The Absinthe United States Predicament

Absinthe thujone is the chemical seen in Absinthe’s vital ingredient, the plant known as Common Wormwood, or Artemisia Absinthium to give it its botanical name. The substance thujone was partly accountable for Absinthe being banned in the early 1900s in many countries around the world and thujone is still tightly regulated today, specifically in the United States (or states united).

Thujone was considered to be similar to THC present in cannabis and Absinthe was speculated to be psychoactive and have psychedelic effects causing hallucinations and insanity. Absinthe was well-liked by the Bohemian set in Montmartre in Paris and many artists and writers believed that Absinthe, the Green Fairy, gave them inspiration and their genius. Renowned Absinthe drinkers include Oscar Wilde, Ernest Hemingway, Van Gogh, Gauguin, Degas, Baudelaire and Verlaine. Some claim that Van Gogh’s madness was caused by Absinthe and that he cut off his ear under its control alcoholplant. Absinthe was even held responsible for a man murdering his family, even though he had ingested a number of other strong alcoholic drinks after the Absinthe.

Prohibition campaigners used news of the murder to campaign for the banning of Absinthe and charged France’s growing problems of alcohol dependency on the emerald liquor.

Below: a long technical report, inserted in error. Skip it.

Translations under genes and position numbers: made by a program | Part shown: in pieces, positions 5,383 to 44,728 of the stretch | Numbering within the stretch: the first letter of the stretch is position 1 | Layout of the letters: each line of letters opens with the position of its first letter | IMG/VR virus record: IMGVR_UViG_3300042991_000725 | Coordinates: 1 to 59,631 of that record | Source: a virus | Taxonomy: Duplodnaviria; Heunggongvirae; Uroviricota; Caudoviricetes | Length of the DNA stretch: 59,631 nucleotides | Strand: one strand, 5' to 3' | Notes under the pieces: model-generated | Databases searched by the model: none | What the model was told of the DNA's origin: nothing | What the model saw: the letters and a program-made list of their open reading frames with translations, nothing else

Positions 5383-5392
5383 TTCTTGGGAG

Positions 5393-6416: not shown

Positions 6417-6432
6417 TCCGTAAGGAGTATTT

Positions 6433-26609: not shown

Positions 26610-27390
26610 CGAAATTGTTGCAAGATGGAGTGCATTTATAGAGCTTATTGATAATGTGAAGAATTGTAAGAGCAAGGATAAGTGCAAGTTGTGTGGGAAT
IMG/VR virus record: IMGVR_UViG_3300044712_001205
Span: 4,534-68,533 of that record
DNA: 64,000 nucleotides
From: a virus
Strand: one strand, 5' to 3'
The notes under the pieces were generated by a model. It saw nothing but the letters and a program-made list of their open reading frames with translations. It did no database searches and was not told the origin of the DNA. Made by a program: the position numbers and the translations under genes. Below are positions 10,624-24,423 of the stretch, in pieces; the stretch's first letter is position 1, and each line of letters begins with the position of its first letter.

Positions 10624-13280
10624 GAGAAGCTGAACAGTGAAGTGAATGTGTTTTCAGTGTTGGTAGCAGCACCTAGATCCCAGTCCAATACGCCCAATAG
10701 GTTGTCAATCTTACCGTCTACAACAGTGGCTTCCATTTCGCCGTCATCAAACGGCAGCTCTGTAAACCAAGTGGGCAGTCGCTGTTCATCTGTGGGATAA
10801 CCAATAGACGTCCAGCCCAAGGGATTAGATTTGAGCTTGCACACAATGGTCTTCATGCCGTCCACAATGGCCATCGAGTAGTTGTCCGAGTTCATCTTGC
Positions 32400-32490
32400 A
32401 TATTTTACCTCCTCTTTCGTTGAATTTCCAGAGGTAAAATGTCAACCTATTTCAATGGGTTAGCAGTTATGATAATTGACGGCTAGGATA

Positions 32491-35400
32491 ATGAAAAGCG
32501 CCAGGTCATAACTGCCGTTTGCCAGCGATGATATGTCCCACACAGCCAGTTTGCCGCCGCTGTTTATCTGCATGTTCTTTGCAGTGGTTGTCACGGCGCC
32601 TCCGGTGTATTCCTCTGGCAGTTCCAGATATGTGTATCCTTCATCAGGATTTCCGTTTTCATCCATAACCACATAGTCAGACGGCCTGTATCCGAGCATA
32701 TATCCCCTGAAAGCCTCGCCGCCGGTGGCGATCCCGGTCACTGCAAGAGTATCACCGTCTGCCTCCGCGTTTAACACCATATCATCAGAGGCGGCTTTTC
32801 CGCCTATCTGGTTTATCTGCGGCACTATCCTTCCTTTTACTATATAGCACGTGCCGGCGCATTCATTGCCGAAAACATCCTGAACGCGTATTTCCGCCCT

Is Absinthe Thujone Hazardous?

Today’s studies suggest that it was in fact the alcohol (ethanol) content of Absinthe which was dangerous instead of the thujone. Absinthe is doubly strong as spirits like whisky and vodka and can be 75% alcohol. Care should therefore be utilized when ingesting Absinthe. Thujone is only present in minute quantities and must therefore cause no major unwanted effects or health issues. The EU stipulates that alcohol based drinks with an ABV (alcohol by volume) level over 25% might only have a maximum of 10mg/kg of thujone, beverages classed as “bitters” can contain approximately 35mg/kg, it is not entirely clear which class Absinthe matches but a majority of brands of Absinthe have much less than 35mg with a lot of being under 10mg/kg. In the US it is only legal to purchase or sell Absinthes with trace levels of thujone.

High doses of thujone can be dangerous triggering convulsions however you would need to drink a large amount of Absinthe to consume that amount of thujone and it will be impossible to drink that amount, you’d be comatosed from alcohol until then!

Absinthe Components

It is known that Henri-Louis Pernod, who owned the first Absinthe distillery, utilized the herbs wormwood, aniseed, fennel, lemon balm, hyssop, angelica root, dittany, star anise, nutmeg, juniper and veronica to create his famous Pernod Absinthe. The essential oil from all of these herbs is responsible for La Louche, the clouding which occurs when water is added to Absinthe. These herbs especially the aniseed and anise are accountable for the distinctive aniseed or licorice taste of Absinthe and wormwood is liable for the bitter flavor. Absinthe is oftentimes used as bitters in cocktails.

There are several brands of Absinthe or Absinthe substitutes that were developed over the ban and so contain no Absinthe thujone or wormwood, but many would claim that Absinthe is not Absinthe without Absinthe thujone and the bitter taste of wormwood. If you want real Absinthe look for brands that contain wormwood or Absinthe thujone.